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Planning in public view 2007-04-26 11:13:19
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    BEIJING, April 26 -- The draft law on urban and rural planning, which is under discussion at the current session of the Standing Committee of the National People's Congress, is expected to curb rampant urban sprawl and irrational enclosure of land in rural areas.

    Extensive and unnecessary construction and land enclosures not only waste resources but also disrupt normal life. What is even worse is the vicious connection between corruption and construction projects: Dirty money from these projects prompts more officials with power to start new projects; new projects attract more corruption.

    As a result, many cities and even poverty-stricken counties have been building luxury office buildings and plazas.

    Those initiating the projects, usually local government officials, are squandering taxpayers' money while enriching themselves with kickbacks and bribes.

    The draft law, if adopted, will provide taxpayers with a legal weapon to exercise their supervisory right in stopping unreasonable urban construction projects and illegal enclosure of land in rural areas.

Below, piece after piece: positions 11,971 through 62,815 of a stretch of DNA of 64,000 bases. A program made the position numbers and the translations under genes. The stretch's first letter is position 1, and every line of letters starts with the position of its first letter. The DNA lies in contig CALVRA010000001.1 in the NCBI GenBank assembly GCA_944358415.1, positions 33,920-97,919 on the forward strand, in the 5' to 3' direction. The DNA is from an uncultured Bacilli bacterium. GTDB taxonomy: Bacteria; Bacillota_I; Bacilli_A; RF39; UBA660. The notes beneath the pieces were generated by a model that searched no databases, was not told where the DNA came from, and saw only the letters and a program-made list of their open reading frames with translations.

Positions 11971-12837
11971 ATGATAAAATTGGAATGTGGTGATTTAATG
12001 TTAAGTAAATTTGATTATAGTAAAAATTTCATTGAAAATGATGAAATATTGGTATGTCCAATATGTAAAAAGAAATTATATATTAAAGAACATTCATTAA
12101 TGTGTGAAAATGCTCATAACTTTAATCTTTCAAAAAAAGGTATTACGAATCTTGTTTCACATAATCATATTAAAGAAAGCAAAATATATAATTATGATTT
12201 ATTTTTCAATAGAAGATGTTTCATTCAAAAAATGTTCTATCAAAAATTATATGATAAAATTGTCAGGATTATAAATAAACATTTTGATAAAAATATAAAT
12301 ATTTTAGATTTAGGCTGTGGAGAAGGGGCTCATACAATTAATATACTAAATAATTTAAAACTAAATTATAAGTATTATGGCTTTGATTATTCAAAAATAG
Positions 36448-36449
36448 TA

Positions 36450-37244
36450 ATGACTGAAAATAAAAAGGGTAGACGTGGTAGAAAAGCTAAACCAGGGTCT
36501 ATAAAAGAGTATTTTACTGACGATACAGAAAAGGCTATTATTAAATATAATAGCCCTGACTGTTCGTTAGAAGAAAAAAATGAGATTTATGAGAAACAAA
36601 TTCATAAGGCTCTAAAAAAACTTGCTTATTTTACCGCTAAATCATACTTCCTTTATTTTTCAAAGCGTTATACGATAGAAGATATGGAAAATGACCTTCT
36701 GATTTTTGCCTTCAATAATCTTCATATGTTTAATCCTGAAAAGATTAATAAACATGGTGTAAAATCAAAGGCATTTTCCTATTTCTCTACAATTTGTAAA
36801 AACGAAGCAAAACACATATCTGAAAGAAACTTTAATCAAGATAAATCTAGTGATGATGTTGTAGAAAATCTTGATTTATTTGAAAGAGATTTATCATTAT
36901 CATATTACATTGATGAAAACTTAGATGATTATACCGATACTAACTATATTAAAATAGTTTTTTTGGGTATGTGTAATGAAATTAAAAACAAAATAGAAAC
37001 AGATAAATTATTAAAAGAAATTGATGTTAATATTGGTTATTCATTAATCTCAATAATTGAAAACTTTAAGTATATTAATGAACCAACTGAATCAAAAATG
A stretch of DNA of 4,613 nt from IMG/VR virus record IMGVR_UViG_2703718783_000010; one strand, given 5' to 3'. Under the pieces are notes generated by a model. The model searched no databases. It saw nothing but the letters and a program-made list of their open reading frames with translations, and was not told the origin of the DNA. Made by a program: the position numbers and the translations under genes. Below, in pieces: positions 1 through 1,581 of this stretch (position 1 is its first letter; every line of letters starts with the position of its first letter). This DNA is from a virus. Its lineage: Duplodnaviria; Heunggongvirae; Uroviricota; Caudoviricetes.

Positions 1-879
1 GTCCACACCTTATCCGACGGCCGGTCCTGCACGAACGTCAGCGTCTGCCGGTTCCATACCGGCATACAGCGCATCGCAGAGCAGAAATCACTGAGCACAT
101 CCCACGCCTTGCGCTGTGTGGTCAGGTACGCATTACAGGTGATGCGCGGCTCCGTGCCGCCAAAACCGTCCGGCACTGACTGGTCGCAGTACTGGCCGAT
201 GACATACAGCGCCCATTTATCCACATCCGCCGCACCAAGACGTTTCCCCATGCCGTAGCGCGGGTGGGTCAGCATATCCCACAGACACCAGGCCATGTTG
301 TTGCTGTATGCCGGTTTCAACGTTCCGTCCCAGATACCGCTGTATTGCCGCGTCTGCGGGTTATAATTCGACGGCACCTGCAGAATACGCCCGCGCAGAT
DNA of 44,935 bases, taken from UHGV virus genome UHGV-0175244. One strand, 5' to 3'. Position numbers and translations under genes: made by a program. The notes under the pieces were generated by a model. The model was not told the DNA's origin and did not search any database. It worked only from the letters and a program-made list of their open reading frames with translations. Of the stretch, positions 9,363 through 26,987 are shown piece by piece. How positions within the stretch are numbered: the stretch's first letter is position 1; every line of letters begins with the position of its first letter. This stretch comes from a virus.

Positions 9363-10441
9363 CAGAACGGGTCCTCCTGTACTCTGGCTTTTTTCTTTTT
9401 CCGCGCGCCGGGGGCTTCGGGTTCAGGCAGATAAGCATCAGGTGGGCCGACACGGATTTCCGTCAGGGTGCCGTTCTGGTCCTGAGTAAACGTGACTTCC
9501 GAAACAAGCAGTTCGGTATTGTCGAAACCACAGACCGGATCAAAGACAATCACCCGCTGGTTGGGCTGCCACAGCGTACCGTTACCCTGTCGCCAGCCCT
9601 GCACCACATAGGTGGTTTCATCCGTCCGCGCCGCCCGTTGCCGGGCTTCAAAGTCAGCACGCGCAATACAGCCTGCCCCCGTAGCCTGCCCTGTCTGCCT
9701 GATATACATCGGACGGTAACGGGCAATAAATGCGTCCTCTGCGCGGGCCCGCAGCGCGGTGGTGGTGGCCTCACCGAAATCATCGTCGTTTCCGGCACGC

The draft law requires that public opinion be solicited before urban and rural planning projects are presented to the authorities for approval. Public hearings, feasibility studies or consultations must be undertaken to solicit opinions from the public and experts, according to the draft. Once plans are approved, leaders may not alter them.

    According to the draft, individuals and organizations will have the right to check with the appropriate government department on the legality of a construction project if they believe the project infringes on their rights and interests.

    The draft law also stipulates that any official involved in irregularity in urban planning or rural land use will face demotion or dismissal.

    It is commendable that this draft law intends to narrow the possibilities for abuse of power and widen the scope for involvement by both the public and organizational watchdogs.

    Hopefully a detailed mechanism for implementing the law will make it bite.

    (Source: China Daily)

Editor: Yan Zhonghua
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